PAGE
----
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Shooting with the Canon Rebel T3i (600D and Kiss X5) details the features, controls, and options in the Canon Rebel T3i camera. Author Ben Long provides an overview of a digital single lens reflex (SLR) camera and reviews the Canon Rebel T3i camera's components and basics of operation, including changing lenses, navigating the menus, shooting in Auto mode, and reviewing and managing photos on the camera’s LCD screen. The course also covers white balance options, advanced metering and autofocus controls, flash, and shooting HD video, and includes a chapter on sensor and camera maintenance.
As soon as you take a picture, your camera displays it on the rear LCD screen. By default, the image stays up for a few seconds then it goes away. This gives you a chance to quickly review your image without having to manage any camera controls. However, you do have a little bit of control while that image is being displayed. When an image pops-up for image review, there are a number of things that I can do. First of all, if I don't like the image I can hit the Delete button, that pops-up a Delete menu. I can go over here to Erase and hit Set and there goes the image and I am right back to shooting.
I can also, if I want, do something that you are going to learn little bit more about it later. I can pull up metadata displays. These are displays of Information about the image. They're good for diagnosing problems and things like that. We will be looking at that in detail later. Notice that when I'm in Image Review, once I have pressed a button to do something the image does not time out. I have really now got time to sit and look at it. If I press another camera button though, that takes me right back into whatever function that button is, so I just pressed my Drive mode button and it brought up my Drive mode menu.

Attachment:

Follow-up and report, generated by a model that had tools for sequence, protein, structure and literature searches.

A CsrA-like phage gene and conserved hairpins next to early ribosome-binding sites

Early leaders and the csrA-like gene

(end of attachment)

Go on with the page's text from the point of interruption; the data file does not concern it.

This is a shooting priority philosophy. When I am reviewing the image, anything I do is going to get the camera back ready to shoot doing what it would normally do. This is going to help me ensure that I don't miss a shot. Now I can change that image review time by going into the menu, going here to my first Shooting menu and right here is Image Review. It defaults to 2 seconds. If I want I can make it to 4 or 8 seconds, or I can set it on Hold, that means it will just pop-up and not go away until I press the camera control, or I can turn it off altogether.
This can be great if you are shooting in a dark room and you don't want to disturb other people like at a performance or a concert. This is also a good thing to employ to break yourself of the habit of Chimping. Chimping is that process where you shoot an image and you immediately look at it. It's okay to review an image from time to time if you think that maybe there was a problem that you want to look for, but if you spend all your time looking at the back of the camera, you might miss something in the scene that you are shooting, a scene that might be developing. So try not to rely too much on Image Review, turning it off altogether is a way to keep yourself from doing that.
I tend to keep mine on the default of 2 seconds. No matter how long the Image Review time, it's always interruptible. So I can even before my 2 seconds is up, half-press the Shutter button and I am right back to shooting, so Image Review is never in the way of you getting a shot.
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